In this next installment of the System Design Tutorial, we will look into the Webservers and Proxies used and required while designing the systems.
Web Server and Proxies In System Design
Every website sits on a computer that is known as a web server. Web server is a computer system that hosts websites and runs web server software. It is responsible for hosting websites. (Websites in themselves are collections of web pages). Some of the popular web servers these days are Apache HTTP and Microsoft IIS. Also, the machine(normal computer) to act as a web server should possess two traits:
- Machine should be able to run web server software.
- Machine should throughout be connected to the internet so as to serve clients being available all time. Every web server connected to the internet is given a unique address of 4 digits that are separated by dots as shown below:
Types of Webservers:
Web servers are categorized as per hosting websites into:
- Shared Hosts: Designed to host over 100+ websites.
- Dedicated Hosts: Designed to host only 1-2 websites
- Custom Hosts: Specifically designed as per internal requirements for any large-scale website/s.
Thatswhy personal websites or indeed generic small websites uses shared hosts while on the other hand large-scale organization that generates tremendous traffic load uses dedicated and even if there is a requirement for custom server modification then we do even use custom hosts.
How web server Work?
- Web client sends a request to the web server via an HTTP request.
- Note here there are two scenarios:
- If the data is present for the HTTP request in the static database within the web server then immediately corresponding HTTP response will be sent.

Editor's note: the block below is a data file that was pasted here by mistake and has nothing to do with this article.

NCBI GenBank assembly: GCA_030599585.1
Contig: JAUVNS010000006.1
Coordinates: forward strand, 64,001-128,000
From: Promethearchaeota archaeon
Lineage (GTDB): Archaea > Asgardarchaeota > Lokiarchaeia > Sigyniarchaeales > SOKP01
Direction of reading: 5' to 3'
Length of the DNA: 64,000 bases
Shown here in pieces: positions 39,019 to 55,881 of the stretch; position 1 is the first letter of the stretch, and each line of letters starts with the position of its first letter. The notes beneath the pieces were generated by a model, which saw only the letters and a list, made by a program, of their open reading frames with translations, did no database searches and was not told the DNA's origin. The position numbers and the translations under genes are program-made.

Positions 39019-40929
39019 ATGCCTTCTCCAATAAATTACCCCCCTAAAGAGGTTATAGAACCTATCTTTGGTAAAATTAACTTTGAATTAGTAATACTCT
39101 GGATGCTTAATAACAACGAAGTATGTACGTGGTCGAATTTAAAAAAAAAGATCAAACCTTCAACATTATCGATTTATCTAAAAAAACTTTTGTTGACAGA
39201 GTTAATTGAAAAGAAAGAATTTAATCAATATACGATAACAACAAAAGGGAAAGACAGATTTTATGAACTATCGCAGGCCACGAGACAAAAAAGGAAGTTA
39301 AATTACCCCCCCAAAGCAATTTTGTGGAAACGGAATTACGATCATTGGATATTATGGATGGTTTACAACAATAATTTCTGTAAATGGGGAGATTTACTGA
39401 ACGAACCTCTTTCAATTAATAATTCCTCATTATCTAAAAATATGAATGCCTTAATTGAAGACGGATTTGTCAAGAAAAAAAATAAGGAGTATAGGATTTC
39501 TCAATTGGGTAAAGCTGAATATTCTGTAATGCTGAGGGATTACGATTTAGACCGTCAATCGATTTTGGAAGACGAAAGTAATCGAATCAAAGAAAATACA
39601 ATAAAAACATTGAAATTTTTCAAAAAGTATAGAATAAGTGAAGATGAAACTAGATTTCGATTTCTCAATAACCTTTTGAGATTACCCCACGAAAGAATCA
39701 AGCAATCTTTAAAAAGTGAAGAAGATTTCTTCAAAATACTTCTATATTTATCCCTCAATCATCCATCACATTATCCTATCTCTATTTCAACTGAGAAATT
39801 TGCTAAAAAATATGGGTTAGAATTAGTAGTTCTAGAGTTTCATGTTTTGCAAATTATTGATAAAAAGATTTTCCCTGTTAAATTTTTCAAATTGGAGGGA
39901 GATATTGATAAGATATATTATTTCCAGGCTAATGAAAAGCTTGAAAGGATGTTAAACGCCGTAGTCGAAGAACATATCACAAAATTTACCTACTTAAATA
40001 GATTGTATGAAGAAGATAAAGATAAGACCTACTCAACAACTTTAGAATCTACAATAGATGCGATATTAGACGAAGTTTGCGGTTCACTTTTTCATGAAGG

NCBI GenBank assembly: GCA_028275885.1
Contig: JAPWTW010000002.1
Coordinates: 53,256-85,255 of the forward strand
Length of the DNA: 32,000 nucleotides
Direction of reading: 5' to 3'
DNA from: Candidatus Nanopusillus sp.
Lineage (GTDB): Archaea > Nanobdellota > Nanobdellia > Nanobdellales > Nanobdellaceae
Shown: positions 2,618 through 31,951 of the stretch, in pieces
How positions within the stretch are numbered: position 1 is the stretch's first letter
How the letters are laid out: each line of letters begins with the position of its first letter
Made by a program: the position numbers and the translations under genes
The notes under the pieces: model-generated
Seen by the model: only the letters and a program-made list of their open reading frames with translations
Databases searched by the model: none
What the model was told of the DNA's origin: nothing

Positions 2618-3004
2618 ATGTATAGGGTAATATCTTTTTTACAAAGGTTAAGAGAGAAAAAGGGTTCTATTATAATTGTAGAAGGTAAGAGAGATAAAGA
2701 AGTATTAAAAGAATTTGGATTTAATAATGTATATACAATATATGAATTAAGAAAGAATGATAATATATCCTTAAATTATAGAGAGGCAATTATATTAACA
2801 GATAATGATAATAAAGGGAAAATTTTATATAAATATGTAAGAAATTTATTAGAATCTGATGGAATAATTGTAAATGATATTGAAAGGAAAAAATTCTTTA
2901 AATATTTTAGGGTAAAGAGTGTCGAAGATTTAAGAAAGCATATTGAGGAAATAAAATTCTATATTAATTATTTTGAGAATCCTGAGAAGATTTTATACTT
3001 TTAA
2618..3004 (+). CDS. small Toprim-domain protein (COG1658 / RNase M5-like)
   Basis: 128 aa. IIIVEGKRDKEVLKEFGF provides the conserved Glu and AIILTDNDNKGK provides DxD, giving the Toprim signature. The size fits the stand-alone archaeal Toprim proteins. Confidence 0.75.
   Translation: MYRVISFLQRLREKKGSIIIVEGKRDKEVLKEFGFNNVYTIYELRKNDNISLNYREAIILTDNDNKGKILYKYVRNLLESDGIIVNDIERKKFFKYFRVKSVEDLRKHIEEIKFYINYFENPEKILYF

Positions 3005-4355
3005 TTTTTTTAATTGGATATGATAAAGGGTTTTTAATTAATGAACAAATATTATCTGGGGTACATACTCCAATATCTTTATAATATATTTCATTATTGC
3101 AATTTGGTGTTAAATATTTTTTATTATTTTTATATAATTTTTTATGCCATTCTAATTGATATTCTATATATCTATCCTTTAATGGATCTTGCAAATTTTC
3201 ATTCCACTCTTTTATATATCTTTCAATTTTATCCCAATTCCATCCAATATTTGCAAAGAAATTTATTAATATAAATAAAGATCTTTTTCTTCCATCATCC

- If data is not present then the web server will send a servlet request for processing to the application server.
- Now it will not look up into static DB rather a web server will send a servlet request to the application server.
- In processing, the application server will look up the application datastore in order to run the servlet and fetch the required information.
- Now it will send back a servlet response to the web server. Hence this built-in response from the web server will be sent to the web client.
Let us quickly wrap up the Application server:
Application server is specifically designed to run applications (generally invoking extreme computations) that includes both hardware and software to provide an environment to run the applications.
Usage: Provides environment to run specific applications such as cloud applications and many more and do provides computational power.
Note: Application server is only required when there is intense computation required which web server can not handle.
Usage of web servers:
- Hosting websites.
- Processing data sent from another server.
- Hosting hypervisors. (software programs responsible for managing virtual machines)
- Distributing and monitoring software updates.
Examples of Web Servers:
Popular Web servers used are as follows:
Servers that are frequently used are:
1. Tomcat servers: Tomcat is used for Java web applications that do not need to meet all of the standards of Java EE but still need a dependable solution. Tomcat isn’t regarded as a full application server because it also functions as a Web server and a Servlet container.
2. Apache servers, accept directory (HTTP) requests from users of the Internet and deliver the desired data in the form of files and Web pages. The features of Apache are supported by a large portion of the software and code on the Internet. It is developed by Apache Software Foundation.
3. Node.js servers: It includes a built-in HTTP module that enables it to transmit data using the HyperText Transfer Protocol (HTTP). An HTTP server can be built using the HTTP module.
Others also include such as Lightpad, Jigsaw Server, Sun Java System Web Server, Internet Information Services(IIS)
- Apache HTTP is the most popular web server in the world.
- Apache with Tomcat Module is used to have JSP and J2EE support.
Now we have adequate knowledge of web servers that we can now discuss proxies.
Proxies in Distributed Systems
A proxy server is an intermediary piece of hardware/software sitting between the client and the backend server. Prior to discussing types of proxies let us get familiar with a few terminologies to better understand the concept.
Filter requests: It runs every request through a filter, looking up each address in its database of allowed or disallowed sites, and it allows or blocks each request based on its internal database. A system administrator can configure the proxy server to allow or block certain sites.